Mar 18, 2017
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That's a pretty oversimplified take. It ignores New Zealand's smaller population, isolated location, and cultural/social/economic differences between the US and New Zealand. The Boston Globe actually ran an interesting article on this exact issue. The consensus the article draws is that a strict, multiweek lockdown would never fully eradicate the virus in the US, and it would continue to spread as soon as the lockdown ended. To that point, I agree with @nick.
Look at the date on that article: March 26, 2020. Kind of wish all that outdated info could be deleted.

Disagree somewhat. A 2 week quarantine period is used by countries that have controlled the pandemic such as NZ. While no lockdown doable in the US can be completely effective, participation tends to vary inversely with length expected of the lockdown. It seems like that would have been better even if necessary to be repeated after some months.
 

warfelg

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Mar 16, 2016
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I think my point was being missed. The statement was lockdowns don’t work because the virus will pop up as soon as it’s over. Yes, NZ’s is unattainable here, but not for the reasons I’ve seen stated. But NZ is proof that a lock down can work against this virus.
 
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Mushroom

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Since we see success in other states, I would be interested in seeing less restrictions made by the state/county/Seaworld.
What are you talking about? With regard to social distancing and mask restrictions, SeaWorld has the exact same self-imposed restrictions BGW has.
 

nick

Why are you booing me? I’m right.
May 6, 2020
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What are you talking about? With regard to social distancing and mask restrictions, SeaWorld has the exact same self-imposed restrictions BGW has.
I’m saying there are counties & states that have fewer restrictions & have not had the catastrophic results everyone fears. I would be interested in Virginia, James County, and/or Seaworld to adjust their policies to be less strict so there can be more enjoyment at the park.
 

Mushroom

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I’m saying there are counties & states that have fewer restrictions & have not had the catastrophic results everyone fears. I would be interested in Virginia, James County, and/or Seaworld to adjust their policies to be less strict so there can be more enjoyment at the park.
Which states are you talking about? Florida is one of the more lax states when it comes to restrictions, and yet SeaWorld Orlando has still voluntarily implemented a masks-at-all-times rule for the park. Even if Virginia eased their restrictions, BGW would probably still keep their restrictions in place too.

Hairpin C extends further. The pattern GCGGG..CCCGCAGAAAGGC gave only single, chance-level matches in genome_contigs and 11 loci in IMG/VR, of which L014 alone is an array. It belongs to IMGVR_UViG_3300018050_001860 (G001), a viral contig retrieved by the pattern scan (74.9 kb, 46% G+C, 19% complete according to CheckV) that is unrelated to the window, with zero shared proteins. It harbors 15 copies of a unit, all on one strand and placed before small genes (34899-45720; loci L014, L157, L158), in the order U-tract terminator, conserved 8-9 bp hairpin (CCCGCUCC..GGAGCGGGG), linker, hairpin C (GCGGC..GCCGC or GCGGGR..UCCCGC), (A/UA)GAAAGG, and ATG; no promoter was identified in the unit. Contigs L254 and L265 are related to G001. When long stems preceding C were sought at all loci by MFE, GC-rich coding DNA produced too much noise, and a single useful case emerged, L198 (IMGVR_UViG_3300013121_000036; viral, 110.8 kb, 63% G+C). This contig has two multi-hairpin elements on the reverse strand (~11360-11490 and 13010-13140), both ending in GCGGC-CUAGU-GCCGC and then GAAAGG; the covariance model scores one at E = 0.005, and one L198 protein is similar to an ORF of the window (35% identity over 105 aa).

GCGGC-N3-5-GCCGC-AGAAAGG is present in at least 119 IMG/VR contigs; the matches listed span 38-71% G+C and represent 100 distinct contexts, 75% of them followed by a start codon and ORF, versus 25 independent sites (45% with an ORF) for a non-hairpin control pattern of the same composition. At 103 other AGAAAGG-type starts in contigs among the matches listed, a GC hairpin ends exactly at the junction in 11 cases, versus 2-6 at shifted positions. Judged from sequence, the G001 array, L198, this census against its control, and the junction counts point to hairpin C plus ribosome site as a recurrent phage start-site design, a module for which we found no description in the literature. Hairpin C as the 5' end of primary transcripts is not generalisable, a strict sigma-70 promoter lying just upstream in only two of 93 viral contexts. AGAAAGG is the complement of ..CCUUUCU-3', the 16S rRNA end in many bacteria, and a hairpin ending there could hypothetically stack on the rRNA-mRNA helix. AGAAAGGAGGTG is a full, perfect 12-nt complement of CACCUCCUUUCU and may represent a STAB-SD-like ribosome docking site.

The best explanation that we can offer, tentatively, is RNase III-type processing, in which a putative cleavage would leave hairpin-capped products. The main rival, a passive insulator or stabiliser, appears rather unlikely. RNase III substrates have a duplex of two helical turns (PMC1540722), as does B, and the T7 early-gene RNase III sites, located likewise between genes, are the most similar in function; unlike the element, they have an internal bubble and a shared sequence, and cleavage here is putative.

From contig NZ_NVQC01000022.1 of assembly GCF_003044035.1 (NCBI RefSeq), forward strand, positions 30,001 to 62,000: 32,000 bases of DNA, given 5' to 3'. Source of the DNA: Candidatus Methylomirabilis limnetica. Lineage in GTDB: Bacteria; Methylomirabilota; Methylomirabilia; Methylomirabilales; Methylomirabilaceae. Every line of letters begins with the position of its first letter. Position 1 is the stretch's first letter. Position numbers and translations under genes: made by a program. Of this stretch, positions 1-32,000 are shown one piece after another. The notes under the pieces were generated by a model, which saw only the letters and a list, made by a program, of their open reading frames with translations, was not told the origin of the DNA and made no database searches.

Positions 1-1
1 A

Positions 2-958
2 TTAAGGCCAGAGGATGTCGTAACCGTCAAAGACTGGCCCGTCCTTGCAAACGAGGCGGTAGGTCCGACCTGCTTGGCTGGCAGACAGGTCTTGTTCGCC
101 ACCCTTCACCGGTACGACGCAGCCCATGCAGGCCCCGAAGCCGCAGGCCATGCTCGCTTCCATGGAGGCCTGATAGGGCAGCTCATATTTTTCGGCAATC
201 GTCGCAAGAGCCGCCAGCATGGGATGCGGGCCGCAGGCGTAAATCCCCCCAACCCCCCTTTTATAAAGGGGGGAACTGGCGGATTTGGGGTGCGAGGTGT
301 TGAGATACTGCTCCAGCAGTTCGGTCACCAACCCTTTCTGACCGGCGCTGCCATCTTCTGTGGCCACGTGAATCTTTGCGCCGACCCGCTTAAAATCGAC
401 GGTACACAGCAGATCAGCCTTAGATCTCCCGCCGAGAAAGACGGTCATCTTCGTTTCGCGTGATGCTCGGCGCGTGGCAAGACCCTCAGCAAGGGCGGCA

nick

Why are you booing me? I’m right.
May 6, 2020
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SeaWorld Orlando has still voluntarily implemented a masks-at-all-times rule for the park.
And this is why I’m saying I know BGW has to initiate the conversation & start taking steps towards it. If Seaworld reduces restrictions in Florida (assuming local government cooperates), it allows them the chance to prove that safety can still be had without the restrictions.

You then bring this case to the table in Virginia and James County with your success. The conversation begins to change.

I know this is true because of my own industry. Our state requirements are heavier than Texas, but our offices in Texas are proving their ability to perform the same work without restrictions (no masks, no social distancing, etc) AND without causing massive infection. I think Seaworld could make that case, too, and I would encourage them to start working that direction.

I know that politics have decided much of what should have been science-driven decisions which should never have happened, but of course both sides (D/R) wanted it that way. With the Williamsburg area leaning D mostly, I don’t expect massive change in the near future. However, Seaworld could go ahead and experiment as allowed to build their case.
 

Mushroom

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And this is why I’m saying I know BGW has to initiate the conversation & start taking steps towards it. If Seaworld reduces restrictions in Florida (assuming local government cooperates), it allows them the chance to prove that safety can still be had without the restrictions.